The intervention design may also lead to the correlation of patient assignments within clusters being non-zero. This may occur in partially nested trials, for example where the intervention is delivered by a clinician, who only participates in one arm of the design [8, 9]. This correlation may also be non-zero if clusters are used in the randomisation process, for example, block randomisation, randomisation that balances on patient factors or trials where outcomes are measured at several time points [7]. Block randomisation within GP practices leads to a negative correlation between treatment assignments because for each patient assigned to one treatment arm, future patients are less likely to be assigned to that same treatment. Randomisation that stratifies on patient factors leads to correlation between treatment assignments because, for example, for each patient with high baseline severity assigned to one treatment arm, a patient with low baseline severity is less likely to be assigned to that treatment arm. These designs are common in primary care trials, particularly block randomisation and the stratification of randomisation on key patient factors.

Since both these conditions may frequently be met in primary care trials, it is possible that clustering may be non-ignorable. Moreover, even if the clustering is ignorable, but the estimates of the ICCs are high, analyses that do not adjust for clustering might lead to a loss of power [7]. It is therefore important that we have robust estimates of the ICCs that are likely to apply for different outcomes and contexts. This can help us to decide firstly whether one of the conditions for clustering being ignorable may be met and whether unadjusted analyses might lead to a potential loss of power. Estimates of the ICC may be obtained from various sources, such as previous trials, databases of ICCs or from overall patterns of ICCs. Increasingly, cluster randomised trials include estimates of the ICC, at least for the primary outcome, in their published trial reports. However, a single trial may not include the setting or outcome of interest, and precision of the ICC is often not included. Moreover, there have not been any papers which have examined ICCs for individually randomised trials.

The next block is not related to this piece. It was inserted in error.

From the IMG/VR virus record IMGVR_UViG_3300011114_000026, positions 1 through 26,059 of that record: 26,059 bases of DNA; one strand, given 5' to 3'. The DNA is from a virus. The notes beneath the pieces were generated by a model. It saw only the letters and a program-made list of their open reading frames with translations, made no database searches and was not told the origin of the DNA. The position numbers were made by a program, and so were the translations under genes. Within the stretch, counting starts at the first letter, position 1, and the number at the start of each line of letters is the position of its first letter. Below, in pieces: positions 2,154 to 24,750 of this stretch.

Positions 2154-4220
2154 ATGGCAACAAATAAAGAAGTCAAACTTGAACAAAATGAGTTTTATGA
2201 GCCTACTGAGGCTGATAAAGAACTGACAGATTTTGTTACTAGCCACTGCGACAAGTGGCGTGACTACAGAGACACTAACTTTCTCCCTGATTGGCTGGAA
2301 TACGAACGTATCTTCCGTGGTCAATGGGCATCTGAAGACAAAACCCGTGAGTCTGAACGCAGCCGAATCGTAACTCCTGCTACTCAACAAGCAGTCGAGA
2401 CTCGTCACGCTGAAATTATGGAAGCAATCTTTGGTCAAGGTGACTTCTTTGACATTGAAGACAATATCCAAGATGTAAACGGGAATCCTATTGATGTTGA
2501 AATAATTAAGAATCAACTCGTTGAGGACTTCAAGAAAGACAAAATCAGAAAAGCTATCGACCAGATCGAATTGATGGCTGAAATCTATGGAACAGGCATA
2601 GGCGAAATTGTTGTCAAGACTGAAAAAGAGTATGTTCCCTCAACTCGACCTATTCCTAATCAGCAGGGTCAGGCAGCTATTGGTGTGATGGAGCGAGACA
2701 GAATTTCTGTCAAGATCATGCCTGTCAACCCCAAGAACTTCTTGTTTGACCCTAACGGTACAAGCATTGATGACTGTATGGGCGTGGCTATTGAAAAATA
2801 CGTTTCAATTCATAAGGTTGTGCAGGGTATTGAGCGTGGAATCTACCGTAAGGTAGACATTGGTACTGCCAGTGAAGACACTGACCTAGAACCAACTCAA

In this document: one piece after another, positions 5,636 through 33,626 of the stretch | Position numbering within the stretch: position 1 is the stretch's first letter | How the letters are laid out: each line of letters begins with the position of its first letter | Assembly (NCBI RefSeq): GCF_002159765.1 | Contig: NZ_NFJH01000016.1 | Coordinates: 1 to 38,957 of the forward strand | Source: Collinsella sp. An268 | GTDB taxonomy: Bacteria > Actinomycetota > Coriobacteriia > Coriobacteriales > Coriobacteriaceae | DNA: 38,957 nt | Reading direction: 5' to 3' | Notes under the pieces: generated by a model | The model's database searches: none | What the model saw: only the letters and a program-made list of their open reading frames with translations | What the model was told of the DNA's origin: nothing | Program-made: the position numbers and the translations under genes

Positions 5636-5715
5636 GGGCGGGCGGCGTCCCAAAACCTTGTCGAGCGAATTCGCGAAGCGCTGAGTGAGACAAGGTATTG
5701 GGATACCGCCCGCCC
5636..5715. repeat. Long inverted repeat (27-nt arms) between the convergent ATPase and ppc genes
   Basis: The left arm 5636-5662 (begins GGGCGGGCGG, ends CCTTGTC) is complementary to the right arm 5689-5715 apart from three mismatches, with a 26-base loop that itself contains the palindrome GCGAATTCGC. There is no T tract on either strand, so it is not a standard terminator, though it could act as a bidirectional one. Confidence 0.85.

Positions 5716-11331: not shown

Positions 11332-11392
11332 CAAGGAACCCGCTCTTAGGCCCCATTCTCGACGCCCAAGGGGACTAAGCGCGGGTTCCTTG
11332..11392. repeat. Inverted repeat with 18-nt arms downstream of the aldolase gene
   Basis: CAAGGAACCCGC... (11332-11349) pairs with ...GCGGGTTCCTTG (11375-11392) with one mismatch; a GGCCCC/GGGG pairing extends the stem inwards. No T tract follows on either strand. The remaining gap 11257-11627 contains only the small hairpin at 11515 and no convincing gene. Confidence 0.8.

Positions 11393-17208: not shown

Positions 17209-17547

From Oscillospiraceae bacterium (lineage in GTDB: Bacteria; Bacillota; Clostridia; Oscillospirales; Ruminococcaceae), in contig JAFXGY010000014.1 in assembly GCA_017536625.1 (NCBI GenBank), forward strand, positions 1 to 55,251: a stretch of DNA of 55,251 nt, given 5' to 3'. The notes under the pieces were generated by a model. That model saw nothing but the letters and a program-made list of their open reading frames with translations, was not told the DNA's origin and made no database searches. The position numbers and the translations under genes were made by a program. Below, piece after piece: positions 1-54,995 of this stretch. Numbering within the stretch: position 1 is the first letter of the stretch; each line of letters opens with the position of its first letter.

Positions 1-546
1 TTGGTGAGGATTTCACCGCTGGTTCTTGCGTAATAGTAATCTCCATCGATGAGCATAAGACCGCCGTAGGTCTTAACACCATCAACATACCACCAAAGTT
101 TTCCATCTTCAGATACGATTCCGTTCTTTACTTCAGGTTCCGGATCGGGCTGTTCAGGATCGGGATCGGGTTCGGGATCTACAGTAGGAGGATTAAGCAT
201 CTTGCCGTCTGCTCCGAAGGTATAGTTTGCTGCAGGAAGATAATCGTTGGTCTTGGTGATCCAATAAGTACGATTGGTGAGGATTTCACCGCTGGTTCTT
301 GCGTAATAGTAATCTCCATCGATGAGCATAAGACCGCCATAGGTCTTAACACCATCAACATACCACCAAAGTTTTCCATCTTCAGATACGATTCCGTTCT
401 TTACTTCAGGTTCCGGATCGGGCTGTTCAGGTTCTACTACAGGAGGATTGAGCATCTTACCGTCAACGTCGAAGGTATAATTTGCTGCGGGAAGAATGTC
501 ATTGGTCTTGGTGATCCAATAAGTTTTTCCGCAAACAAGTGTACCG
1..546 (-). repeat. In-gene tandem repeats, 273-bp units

As noted above, primary care is a logical place to examine estimates of these ICCs. This study reviewed the data from all individually randomised trials carried out in the Primary Care Research Group at the University of Southampton over the last 10 years in order to provide robust estimates of ICC values which may help to inform future studies.


This was a secondary analysis of all individually randomised trials undertaken in the Primary Care Research Group at the University of Southampton. An audit of all trials undertaken since 2005/6 was conducted and the Principal Investigators of all identified studies were contacted to request permission to access the study data. Feasibility studies were not included as they are not designed to provide robust measures of effect size [10] and estimates of ICC from these trials may not be reliable. Ethics approval was not required for this study as analysis was based on existing datasets from previously conducted studies, all of which had the appropriate approvals in place. All data was anonymised and contained no potentially identifiable data.

For each included trial, the ICC was estimated for continuous and binary outcomes using a mixed model in Stata with GP and/or practice included as a random effect. Whilst random effects models are not appropriate for all studies, for the level of inference that was desired in all these studies it was the best approach [11].

Whether to include GP, practice or both was determined based upon the study design as set out in the study protocol and upon the data available. Using Stata version 14, it is possible to directly calculate the ICC from the stored estimates after fitting a mixed model using the command ‘estat ICC’ [12, 13]. The ICC may be expressed as:

$$ \rho ={s}_b^2/\left({s}_b^2+{s}_w^2\right) $$

where \( {s}_b^2 \) is the between cluster component of variance and \( {s}_w^2 \) is the within-cluster component of variance [14]. A one-way random effects model may be written as

$$ {Y}_{jk}=\alpha +{e}_{jk}+{\mu}_j $$

where Yjk is the observation for the kth individual in the jth cluster, α is a constant, μj are cluster level effects and ejk are individual residual effects, and μj and ejk are assumed to be normally distributed [14]. The parameters \( {s}_b^2 \) and \( {s}_w^2 \) required to calculate the ICC can be estimated from the model using restricted maximum likelihood and substituted into eq. (1).

For binary outcomes, a logistic regression model was used with a random effect for GP practice. In this case, the ICC (ρl) on the logistic scale can be expressed as the proportion of the total outcome variance that is due to between-cluster variation: